Occupational hearing loss is one of the most common work-related illnesses in the United States.
The Centers for Disease Control and Prevention (CDC) estimates that 22 million workers are exposed to potentially damaging noise at work each year. Whether you work at a sports venue, on a tarmac, or operate a jackhammer—hearing loss is preventable.
Exposure to loud noise kills the nerve endings in our inner ear. More exposure will result in more dead nerve endings.
The risk of hearing loss is increased when workers are exposed to these chemicals while working around elevated noise levels. This combination often results in hearing loss that can be temporary or permanent, depending on the level of noise, the dose of the chemical, and the duration of the exposure.
This hearing impairment affects many occupations and industries, from machinists to firefighters.
The result is permanent hearing loss that cannot be corrected through surgery or with medicine. Noise-induced hearing loss limits your ability to hear high-frequency sounds and understand speech, which seriously impairs your ability to communicate.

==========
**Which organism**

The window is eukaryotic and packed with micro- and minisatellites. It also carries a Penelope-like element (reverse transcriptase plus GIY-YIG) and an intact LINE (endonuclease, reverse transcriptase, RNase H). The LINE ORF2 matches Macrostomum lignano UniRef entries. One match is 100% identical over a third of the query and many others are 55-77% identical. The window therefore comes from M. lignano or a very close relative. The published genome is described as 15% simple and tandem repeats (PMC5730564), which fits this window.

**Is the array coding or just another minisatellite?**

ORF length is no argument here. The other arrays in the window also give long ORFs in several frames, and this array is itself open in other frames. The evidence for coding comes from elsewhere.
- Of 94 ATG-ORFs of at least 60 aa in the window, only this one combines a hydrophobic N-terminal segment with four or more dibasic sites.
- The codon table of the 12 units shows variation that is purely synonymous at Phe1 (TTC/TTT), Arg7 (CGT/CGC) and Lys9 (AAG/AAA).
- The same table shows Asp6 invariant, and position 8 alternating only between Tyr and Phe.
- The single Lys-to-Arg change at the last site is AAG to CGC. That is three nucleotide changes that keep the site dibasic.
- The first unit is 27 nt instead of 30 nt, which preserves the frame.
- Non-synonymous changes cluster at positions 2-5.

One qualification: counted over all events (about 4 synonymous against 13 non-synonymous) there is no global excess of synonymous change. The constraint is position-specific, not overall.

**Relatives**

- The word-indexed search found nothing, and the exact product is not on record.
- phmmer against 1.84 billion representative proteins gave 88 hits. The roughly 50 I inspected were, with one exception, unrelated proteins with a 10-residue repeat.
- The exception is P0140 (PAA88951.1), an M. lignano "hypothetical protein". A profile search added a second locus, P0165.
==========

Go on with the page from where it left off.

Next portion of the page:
NIOSH establishes Recommended Exposure Limits (REL) for noise based on the best available science and practice. The NIOSH REL for noise is 85 decibels, using the A-weighting frequency response (often written as dBA) over an 8-hour average, usually referred to as Time-Weighted Average (TWA).
Exposures at or above this level are considered hazardous.
Hearing aids may help, but they do not restore your hearing to normal.
OSHA requires employers to implement a hearing conservation program when noise exposure is at or above 85 decibels averaged over 8 working hours, or an 8-hour time-weighted average (TWA).
Hearing conservation programs strive to prevent initial occupational hearing loss, preserve and protect remaining hearing, and equip workers with the knowledge and hearing protection devices necessary to safeguard themselves.